Skip To Content

Police arrest suspect with ‘history of animus’ toward Jews in shootings of Los Angeles Jewish men

Both victims were leaving services when shot and both sustained minor injuries

LOS ANGELES — Police arrested a suspect Thursday night in connection with a pair of shootings of Jewish men after they left morning prayer services in Los Angeles.

According to a statement from the Los Angeles Police Department, the suspect, who was taken without incident, was in possession of a rifle and a handgun when he was arrested in Riverside County, east of the city, at around 5:45 p.m., less than nine hours after the second shooting occurred. 

In a statement following the arrest, the Jewish Federation of Los Angeles said the suspect “has a history of animus towards the Jewish community” and that authorities had confirmed that the incidents will be treated as hate crimes.

“We are encouraged to also have learned that the U.S. Attorney will take the case and file federal charges on civil rights violations,” the Federation said in the statement.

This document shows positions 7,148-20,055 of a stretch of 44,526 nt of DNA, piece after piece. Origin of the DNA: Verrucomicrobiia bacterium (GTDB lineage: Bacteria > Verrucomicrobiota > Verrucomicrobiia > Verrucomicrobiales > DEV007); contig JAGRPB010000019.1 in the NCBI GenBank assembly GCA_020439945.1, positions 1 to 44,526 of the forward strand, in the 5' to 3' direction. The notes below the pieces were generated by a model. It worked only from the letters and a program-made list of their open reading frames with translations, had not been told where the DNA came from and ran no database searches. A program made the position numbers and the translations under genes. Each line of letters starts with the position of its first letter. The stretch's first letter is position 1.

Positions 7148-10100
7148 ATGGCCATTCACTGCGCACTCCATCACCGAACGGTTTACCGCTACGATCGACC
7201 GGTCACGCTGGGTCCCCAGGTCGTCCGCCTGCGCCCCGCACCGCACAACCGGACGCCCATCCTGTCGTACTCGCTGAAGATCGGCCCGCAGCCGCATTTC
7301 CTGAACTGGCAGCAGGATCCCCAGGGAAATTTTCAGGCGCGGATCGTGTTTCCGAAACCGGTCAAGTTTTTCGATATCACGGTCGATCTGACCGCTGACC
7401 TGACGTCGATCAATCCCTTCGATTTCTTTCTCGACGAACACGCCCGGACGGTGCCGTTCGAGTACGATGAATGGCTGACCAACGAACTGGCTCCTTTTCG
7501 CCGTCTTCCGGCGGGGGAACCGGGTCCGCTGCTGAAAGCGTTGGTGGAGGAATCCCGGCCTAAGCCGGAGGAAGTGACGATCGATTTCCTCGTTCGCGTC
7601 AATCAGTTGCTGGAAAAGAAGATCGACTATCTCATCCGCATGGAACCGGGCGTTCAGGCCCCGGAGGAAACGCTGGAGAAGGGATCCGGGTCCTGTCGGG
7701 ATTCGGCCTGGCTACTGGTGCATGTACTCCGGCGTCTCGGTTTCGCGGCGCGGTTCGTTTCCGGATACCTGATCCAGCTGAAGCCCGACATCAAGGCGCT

The Anti-Defamation League commended the arrest in a tweet. “Thank you to @LAPDWestBureau for their quick action. This is a relief. Tonight, we can rest easy. Tomorrow, we will continue to fight against antisemitism.”

Police said they will continue, “in an abundance of caution,” to keep a heightened police presence and patrols “around Jewish places of worship and surrounding neighborhoods throughout the weekend.”


The shootings occurred Wednesday and Thursday within blocks of one another in Pico-Robertson, the largest Orthodox Jewish neighborhood in Los Angeles. In each shooting, a man driving a car shot a handgun out of the window, striking one person and causing minor injuries.

Police said Thursday afternoon the same suspect may have been responsible for both incidents and released a description of a man with a mustache and a goatee.